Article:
Property tax changes expected this financial year!
In light of the new budget, some property tax changes are due to come into effect over the next financial year. Although details are still sketchy, we have written an overview of what property tax changes are expected.
The government is looking to clampdown on people who claim 'holiday let' tax breaks on their second home!
People who own a second home will soon no longer be able to claim tax breaks by declaring that it’s a holiday let. Many who own a second home claim their property as a holiday let by declaring rent. The advantage for homeowners is that many of these properties qualify for Small Business Rate Relief, meaning that if the rateable value is £12,000 or less, they do not have to pay any tax. Claiming Small Business Rate Relief, means that the property is exempt from council tax, saving the homeowner thousands of pounds over their time of ownership.
The government is looking to tighten these rules by forcing people who claim their second home as a holiday let, to actually let it out for 140 days or more a year.
There are around 60,000 self-catering premises registered in England that are registered for business rates, of which 96% are expected to qualify for the Small Business Rate Relief. With companies such as Air B&B and Booking.com, it’s unknown how many second homes are genuinely being rented out on the market.
It’s expected that a large number of these homes are rented due to the ease of promoting a property using any of the platforms above.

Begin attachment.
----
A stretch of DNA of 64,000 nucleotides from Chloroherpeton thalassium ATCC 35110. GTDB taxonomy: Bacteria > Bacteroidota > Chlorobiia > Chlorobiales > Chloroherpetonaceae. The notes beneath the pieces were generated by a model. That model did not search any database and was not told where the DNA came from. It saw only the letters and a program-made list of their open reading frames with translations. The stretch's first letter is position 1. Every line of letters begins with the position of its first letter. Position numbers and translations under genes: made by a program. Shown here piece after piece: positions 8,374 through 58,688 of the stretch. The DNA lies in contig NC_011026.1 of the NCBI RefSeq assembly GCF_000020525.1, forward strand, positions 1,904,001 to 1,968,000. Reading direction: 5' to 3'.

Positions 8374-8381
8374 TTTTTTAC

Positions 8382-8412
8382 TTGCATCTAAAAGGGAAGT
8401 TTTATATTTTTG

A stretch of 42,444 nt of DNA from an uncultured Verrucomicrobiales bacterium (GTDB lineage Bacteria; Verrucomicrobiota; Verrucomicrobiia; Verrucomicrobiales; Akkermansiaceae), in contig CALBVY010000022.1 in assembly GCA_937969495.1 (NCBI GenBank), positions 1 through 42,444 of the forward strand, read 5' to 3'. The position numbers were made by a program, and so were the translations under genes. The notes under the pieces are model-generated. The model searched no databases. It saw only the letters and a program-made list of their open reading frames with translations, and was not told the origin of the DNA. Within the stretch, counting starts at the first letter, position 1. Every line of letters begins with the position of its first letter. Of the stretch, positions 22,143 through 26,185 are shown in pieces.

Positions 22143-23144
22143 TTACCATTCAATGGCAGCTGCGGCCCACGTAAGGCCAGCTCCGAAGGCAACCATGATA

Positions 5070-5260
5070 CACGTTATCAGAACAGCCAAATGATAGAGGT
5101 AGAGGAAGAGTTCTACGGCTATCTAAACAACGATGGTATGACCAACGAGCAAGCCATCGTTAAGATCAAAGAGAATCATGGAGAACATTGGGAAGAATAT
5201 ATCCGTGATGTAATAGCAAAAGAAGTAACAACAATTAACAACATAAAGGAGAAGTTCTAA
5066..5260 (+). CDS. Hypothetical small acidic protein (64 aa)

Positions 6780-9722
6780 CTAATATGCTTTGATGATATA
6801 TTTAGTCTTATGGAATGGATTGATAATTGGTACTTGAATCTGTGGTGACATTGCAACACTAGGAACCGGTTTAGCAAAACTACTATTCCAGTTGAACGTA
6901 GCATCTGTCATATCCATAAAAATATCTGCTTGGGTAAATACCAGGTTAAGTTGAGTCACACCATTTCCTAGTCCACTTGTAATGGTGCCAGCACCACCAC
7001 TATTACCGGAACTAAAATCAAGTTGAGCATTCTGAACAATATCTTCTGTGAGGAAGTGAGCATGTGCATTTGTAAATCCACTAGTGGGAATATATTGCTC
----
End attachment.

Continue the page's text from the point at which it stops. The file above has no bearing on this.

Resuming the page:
The government has also announced an additional property tax for developers. The new residential property developer tax, which will come into effect in 2022, is expected to raise circa £2bn over the next decade after its introduction. This money will be used to replace unsafe cladding for leaseholders in residential buildings, which are more than 18 metres or six floors high.
The government is also looking to introduce simplified inheritance tax reporting requirements, which is excellent news for property owners, especially since their family home is one of the most valuable assets they own.
The simplified inheritance tax reporting means that people will no longer have to complete inheritance tax forms if the estate is not liable for tax. The new simplified inheritance tax reporting system is expected to be introduced in January 2022.
In addition to the above tax changes, the government is also looking at ways to make VAT exemptions clearer on land and property. Certain types of property transactions attract VAT. For example, if a landowner converts a commercial building into a residential one, this attracts VAT. However, this is not a simple process and one that has many complex rules for calculation.
Simplifying these rules will mean that it will become much more transparent for landowners to know when they are liable for VAT.
The Financial Secretary to the Treasury Jesse Norman said: "We are making these announcements in order to increase the transparency, discipline and accessibility of tax policymaking.
"These measures will help us to upgrade and digitise the UK tax system, tackle tax avoidance and fraud, among other things.
"By grouping them together, we want to give Members of Parliament, tax professionals and other stakeholders a better opportunity to scrutinise them."
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